Yellow Fever requirements 

Yellow Fever Issue

NHS Advice

Yellow fever is a serious infection spread by mosquitoes. It's found in parts of Africa, South America, Central America and the Caribbean.

There's a vaccine that can stop you from getting it if you're travelling to an area where the infection is found.

The yellow fever vaccine is recommended if you're travelling to:

  • an area where yellow fever is found

  • a country that requires you to have a certificate proving you've been vaccinated against yellow fever 

  • You need to have the vaccine at least 10 days before travelling to give it enough time to work. Your certificate will only be valid after this time.

  • The vaccine and certificate are only available from registered yellow fever vaccination centres. The jab isn't usually given for free on the NHS and typically costs around £60-80.

  • The vaccine provides lifelong protection, so you won't normally need a booster dose or a new certificate if you've been vaccinated before.

  • Yellow fever is found in:  most of sub-Saharan Africa (the area below the Sahara desert)


The information is confusing and you should make your own investigations but these links may help. 

Travel Health Pro will provide updated information 

On 3 July 2018, the World Health Organization (WHO) published the list of yellow fever vaccination requirements and recommendations for 2018. This information is published each year following consultation between the WHO and State Parties, who are asked to confirm or update their requirements for international travellers [1, 2].

According to World Health Organization (WHO), from 11 July 2016 (for all countries), the yellow fever certificate will be valid for the duration of the life of the person vaccinated. As a consequence, a valid certificate, presented by arriving travellers, cannot be rejected on the grounds that more than ten years have passed since the date vaccination became effective as stated on the certificate; and that boosters or revaccination cannot be required.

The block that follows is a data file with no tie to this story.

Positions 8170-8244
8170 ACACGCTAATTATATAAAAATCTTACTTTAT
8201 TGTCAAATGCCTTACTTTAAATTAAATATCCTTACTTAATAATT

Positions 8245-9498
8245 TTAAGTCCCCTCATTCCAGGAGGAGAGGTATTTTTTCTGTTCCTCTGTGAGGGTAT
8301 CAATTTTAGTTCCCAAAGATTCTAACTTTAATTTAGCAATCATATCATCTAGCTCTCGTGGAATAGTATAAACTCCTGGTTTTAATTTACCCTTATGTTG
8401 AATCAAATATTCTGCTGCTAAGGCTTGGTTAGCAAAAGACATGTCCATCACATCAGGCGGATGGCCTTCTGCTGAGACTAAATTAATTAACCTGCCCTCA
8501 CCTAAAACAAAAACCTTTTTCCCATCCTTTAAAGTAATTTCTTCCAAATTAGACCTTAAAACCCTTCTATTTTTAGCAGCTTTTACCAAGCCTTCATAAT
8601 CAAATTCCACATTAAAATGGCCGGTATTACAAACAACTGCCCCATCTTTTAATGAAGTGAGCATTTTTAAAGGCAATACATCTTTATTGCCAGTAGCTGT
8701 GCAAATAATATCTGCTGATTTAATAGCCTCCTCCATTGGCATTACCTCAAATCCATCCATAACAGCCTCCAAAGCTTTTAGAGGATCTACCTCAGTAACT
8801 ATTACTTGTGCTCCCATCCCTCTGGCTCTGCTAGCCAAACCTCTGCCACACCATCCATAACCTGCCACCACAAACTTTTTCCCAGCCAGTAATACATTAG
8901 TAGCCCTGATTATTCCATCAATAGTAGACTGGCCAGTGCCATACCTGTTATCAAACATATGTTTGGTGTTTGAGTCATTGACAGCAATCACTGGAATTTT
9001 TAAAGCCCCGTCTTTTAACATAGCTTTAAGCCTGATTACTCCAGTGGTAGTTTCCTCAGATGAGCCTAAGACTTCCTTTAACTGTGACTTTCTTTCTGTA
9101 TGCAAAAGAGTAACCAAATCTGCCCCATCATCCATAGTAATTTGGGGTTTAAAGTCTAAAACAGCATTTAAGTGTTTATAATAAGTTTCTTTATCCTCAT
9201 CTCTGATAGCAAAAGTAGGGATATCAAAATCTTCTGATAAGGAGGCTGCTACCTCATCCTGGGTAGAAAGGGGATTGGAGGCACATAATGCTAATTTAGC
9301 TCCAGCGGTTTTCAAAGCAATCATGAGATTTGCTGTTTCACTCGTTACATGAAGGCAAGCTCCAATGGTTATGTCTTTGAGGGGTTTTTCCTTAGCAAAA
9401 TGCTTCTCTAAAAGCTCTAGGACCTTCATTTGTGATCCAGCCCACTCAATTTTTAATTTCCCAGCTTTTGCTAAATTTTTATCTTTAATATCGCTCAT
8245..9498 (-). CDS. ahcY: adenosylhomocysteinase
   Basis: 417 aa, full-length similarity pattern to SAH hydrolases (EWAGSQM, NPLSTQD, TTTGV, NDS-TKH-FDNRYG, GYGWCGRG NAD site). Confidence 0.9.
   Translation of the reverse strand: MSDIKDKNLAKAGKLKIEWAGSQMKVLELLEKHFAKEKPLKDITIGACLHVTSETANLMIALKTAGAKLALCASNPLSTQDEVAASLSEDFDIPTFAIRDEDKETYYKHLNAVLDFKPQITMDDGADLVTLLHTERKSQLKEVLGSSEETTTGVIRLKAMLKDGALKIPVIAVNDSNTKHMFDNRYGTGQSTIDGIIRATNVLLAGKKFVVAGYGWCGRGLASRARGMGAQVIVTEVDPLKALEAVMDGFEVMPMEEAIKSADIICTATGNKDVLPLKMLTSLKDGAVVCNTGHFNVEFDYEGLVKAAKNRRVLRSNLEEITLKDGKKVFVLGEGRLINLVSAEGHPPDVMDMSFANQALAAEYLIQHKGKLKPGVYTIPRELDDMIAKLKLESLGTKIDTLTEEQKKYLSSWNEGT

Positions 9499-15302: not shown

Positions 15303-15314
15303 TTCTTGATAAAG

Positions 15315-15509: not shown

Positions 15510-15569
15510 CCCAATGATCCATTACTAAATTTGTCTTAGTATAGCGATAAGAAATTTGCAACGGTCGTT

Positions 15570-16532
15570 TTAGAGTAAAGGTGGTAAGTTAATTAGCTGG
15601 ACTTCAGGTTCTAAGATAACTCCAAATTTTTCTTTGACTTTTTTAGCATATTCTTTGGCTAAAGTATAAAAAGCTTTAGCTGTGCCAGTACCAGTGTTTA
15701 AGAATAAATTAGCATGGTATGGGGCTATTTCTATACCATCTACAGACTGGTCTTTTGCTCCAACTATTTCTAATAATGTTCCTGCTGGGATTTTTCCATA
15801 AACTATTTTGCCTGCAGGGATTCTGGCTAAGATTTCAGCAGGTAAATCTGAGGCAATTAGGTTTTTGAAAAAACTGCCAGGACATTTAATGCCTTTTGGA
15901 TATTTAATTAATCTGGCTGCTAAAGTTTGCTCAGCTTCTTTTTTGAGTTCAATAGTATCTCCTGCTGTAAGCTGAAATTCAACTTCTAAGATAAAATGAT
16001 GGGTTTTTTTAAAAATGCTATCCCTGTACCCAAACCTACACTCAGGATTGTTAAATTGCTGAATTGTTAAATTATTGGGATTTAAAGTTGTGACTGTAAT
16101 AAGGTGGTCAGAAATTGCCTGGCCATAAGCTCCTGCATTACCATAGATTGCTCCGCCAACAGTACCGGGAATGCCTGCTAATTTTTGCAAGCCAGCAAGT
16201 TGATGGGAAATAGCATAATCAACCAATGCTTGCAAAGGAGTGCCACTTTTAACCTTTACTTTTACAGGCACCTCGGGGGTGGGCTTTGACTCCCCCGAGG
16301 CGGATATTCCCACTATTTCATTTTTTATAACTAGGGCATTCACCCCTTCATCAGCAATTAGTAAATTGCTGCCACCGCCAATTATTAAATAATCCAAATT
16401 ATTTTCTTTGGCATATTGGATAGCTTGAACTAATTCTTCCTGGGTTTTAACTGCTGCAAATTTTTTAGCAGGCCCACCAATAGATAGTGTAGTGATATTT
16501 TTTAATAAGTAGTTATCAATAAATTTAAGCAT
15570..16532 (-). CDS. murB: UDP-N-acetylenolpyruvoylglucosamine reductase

The yellow fever vaccine is not suitable for all travellers, there are specific undesirable effects associated with it. This vaccine is only available at registered yellow fever vaccination centres. Health professionals should carefully assess the risks and benefits of the vaccine, and seek specialist advice if necessary.

 

Country-specific Information has been gathered from Travel Health Pro

Morocco:                     Not required

Western Sahara:       There is no risk of yellow fever in Western Sahara.  This country has not stated its yellow fever vaccination certificate requirements

Mauritania:  
 
There is a risk of yellow fever transmission in parts of this country

  • Vaccination is recommended for travellers aged 9 months and older going to areas south of the Sahara desert.

  • Under International Health Regulations, a yellow fever vaccination certificate is required from travellers over 1 year of age arriving from countries with risk of yellow fever transmission.

  • Vaccination is not recommended for those whose travel is limited to areas in the Sahara desert.

 

Senegal
There is a risk of yellow fever transmission in parts of this country

Under International Health Regulations, a certificate of yellow fever vaccination is required for travellers over 9 months of age arriving from countries with risk of yellow fever transmission and for travellers having transited through an airport of a country with risk of yellow fever transmission.

The Gambia

  • There is a risk of yellow fever transmission in all areas of this country (see ‘Most Travellers’ section below).

  • Under International Health Regulations, a yellow fever vaccination certificate is required for travellers over 9 months of age arriving from countries with risk of yellow fever transmission.

  • According to World Health Organization (WHO), from 11 July 2016 (for all countries), the yellow fever certificate will be valid for the duration of the life of the person vaccinated. As a consequence, a valid certificate, presented by arriving travellers, cannot be rejected on the grounds that more than ten years have passed since the date vaccination became effective as stated on the certificate; and that boosters or revaccination cannot be required.

 

 

 

 

 

 

 

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